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Young athlete suffered commotio cordis while on play luckily saved by CPR and AED

Updated: Feb 15, 2023


CPR and AED Saves Life of Peter Laake Who Suffered Commotio Cordis While On Play
CPR and AED Saves Life of Peter Laake Who Suffered Commotio Cordis While On Play

The Damar Hamlin incident in Monday night football startled our country, putting Commotio Cordis and CPR in the spotlight and reminding us of the significance of CPR training to respond to circumstances like these.


Peter Laake was a freshman starting defense for his prep school's varsity lacrosse team. On April 16, 2021, while having a successful year, his club was playing a major opponent on their home field in Towson, Maryland.


As the first quarter came to a close, the ball struck Peter in the chest. His mother, who was seated in the stands, heard the ball hit the ground before seeing her son move a few paces. Carron Laake remarked, "I watched his legs kind of flop in the air."


Peter swung around to follow the ball's trail. "I then became woozy." He fell over backward.


One of the first people to reach Peter was the head athletic trainer at the school, Jeremy Parr. He believed Peter had either had an abdominal injury or lost his wind. He then noticed that Peter was not moving and that his respiration was difficult, gurgling, and gasping.


When Parr and the team physician were unable to locate a pulse, they flipped Peter onto his back and took off his safety equipment. While Parr sent another trainer to the sidelines to get the AED, or automated external defibrillator, the team doctor started performing CPR.


Dr. Robert Dudas was watching his son play for the competing school from the stands. He was looking down at his phone just before the collision. Peter's stumbling steps and subsequent collapse were visible as he glanced up.


Dudas could tell that Peter's injury wasn't a typical lacrosse injury because he fell face-first without extending his hands to cushion the blow.


To get to the field, Dudas leaped over a wall. He stood near Peter's torso to check for a pulse, while Parr and the team doctor joined him. He observed that the team doctor performed textbook chest compressions: 2 inches deep, 100 to 120 repetitions per minute, with no breaks. Dudas was alerted that time was running out by the welt on Peter's chest.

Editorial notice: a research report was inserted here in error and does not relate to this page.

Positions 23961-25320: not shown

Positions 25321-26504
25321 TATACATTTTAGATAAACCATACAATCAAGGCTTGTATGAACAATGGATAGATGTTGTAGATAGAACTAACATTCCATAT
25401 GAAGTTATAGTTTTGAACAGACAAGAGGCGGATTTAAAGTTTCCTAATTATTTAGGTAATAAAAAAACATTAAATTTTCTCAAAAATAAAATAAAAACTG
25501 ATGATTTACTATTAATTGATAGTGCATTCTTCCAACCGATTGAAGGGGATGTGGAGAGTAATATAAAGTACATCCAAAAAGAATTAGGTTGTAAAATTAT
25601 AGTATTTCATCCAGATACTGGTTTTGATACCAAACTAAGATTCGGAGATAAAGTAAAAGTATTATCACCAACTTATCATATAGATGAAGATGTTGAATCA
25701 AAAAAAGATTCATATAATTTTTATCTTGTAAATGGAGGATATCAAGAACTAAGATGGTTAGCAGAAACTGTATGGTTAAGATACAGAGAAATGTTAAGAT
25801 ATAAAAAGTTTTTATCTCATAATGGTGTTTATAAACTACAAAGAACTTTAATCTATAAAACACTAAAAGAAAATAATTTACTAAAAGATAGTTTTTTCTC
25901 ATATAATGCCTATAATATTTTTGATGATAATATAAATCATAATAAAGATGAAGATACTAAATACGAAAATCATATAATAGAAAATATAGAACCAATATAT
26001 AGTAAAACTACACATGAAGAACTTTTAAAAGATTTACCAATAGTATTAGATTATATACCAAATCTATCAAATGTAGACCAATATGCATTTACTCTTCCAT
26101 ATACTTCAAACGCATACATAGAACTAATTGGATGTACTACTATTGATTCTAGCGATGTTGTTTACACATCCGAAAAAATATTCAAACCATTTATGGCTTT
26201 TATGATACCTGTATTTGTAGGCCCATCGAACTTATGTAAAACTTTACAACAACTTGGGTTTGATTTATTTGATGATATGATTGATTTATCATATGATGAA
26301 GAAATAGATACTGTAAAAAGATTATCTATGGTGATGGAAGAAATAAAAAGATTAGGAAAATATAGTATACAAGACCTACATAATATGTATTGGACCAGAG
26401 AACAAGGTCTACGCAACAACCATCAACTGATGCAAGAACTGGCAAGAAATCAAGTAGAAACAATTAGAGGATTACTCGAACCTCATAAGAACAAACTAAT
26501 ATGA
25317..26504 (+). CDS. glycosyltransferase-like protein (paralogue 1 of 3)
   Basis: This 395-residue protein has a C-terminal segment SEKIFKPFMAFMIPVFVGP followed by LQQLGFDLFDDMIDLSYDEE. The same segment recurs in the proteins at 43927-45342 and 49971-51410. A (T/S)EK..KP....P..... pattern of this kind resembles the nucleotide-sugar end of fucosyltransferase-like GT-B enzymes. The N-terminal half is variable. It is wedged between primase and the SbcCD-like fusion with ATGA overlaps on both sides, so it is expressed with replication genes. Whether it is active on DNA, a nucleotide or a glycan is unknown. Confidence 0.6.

He uttered the words, "This is commotio cordis."


The term "commotio cordis" (Latin for "agitation of the heart") refers to a condition in which an otherwise healthy heart's electrical circuitry is disturbed by a projectile striking the chest at a certain interval between heartbeats. Damar Hamlin, a member of the Buffalo Bills who suffered a heart attack after making a tackle in a recent NFL game, may have experienced this.


Scientists hypothesize that because young people's chest walls are more malleable, adolescent athletes are particularly vulnerable. 95 percent of instances that are documented are in males, which is consistent with their participation in the activities that have the most commotio cordis cases, such as baseball, hockey, and lacrosse.


The group gathered around Peter was expanding on that April day. Ahead of her son's head, Carron was now. Peter's father stood at his feet. Two ICU nurses had exited the audience to provide assistance. An emergency response-trained local fire chief was present.


She spoke with her son, Carron. She made an effort to calm and reassure him. Her father's passing had been one year ago. She had gone to the game with the intention of using it to get through the day. She fixed her gaze on her son's still head. She pushed him to open his eyes. We're losing him," she then heard.


The CPR was still in progress when the other trainer returned from the sidelines carrying the AED. Once Parr had set up the AED's electrode pads and the device had assessed Peter's heart rhythm and determined that a shock was necessary, it gave the all-clear.


Peter didn't immediately react to the shock. Dudas experienced nausea.

The team physician continued CPR. Parr got ready to give another shock. Dudas then detected a pulse. He exclaimed, "Hold tight! I think I have something faint!"


Peter moved. Then, as his mother recalled, "he simply popped right up."


Peter recalls the event as a hazy relic in a shattered reality, straining to open his eyes while hearing words he couldn't understand. "There was this swarm around me, and I struggled to sit up."


People in the stands slowly stood up and cheered as an ambulance pulled up. Many people started crying.


Peter spent the night at a nearby hospital. Over the course of two weeks, a number of tests found nothing abnormal. The only wounds Peter had were a bruise from the blow and some stiffness from the punctures. In three weeks, he was back on the lacrosse field.


Carron admitted that he was initially terrified that he might return. She still finds it difficult to see Peter on the field. She tells herself that Peter enjoys the sport and that the near-tragic event resulted from a strange accident. He recently verbally committed to play for the University of Maryland.


Now that her family has received CPR training, they always check to make sure an AED is nearby wherever Peter is playing.


Peter's life was saved by the good fortune of having it happen in front of an all-star cast – athletic trainers, emergency medicine doctors, and ICU nurses trained in emergency response. Most circumstances don't require that level of medical knowledge. The possibility of possessing all those resources, according to Parr, is extremely doubtful. So at the very least, be sure you have access to an AED.



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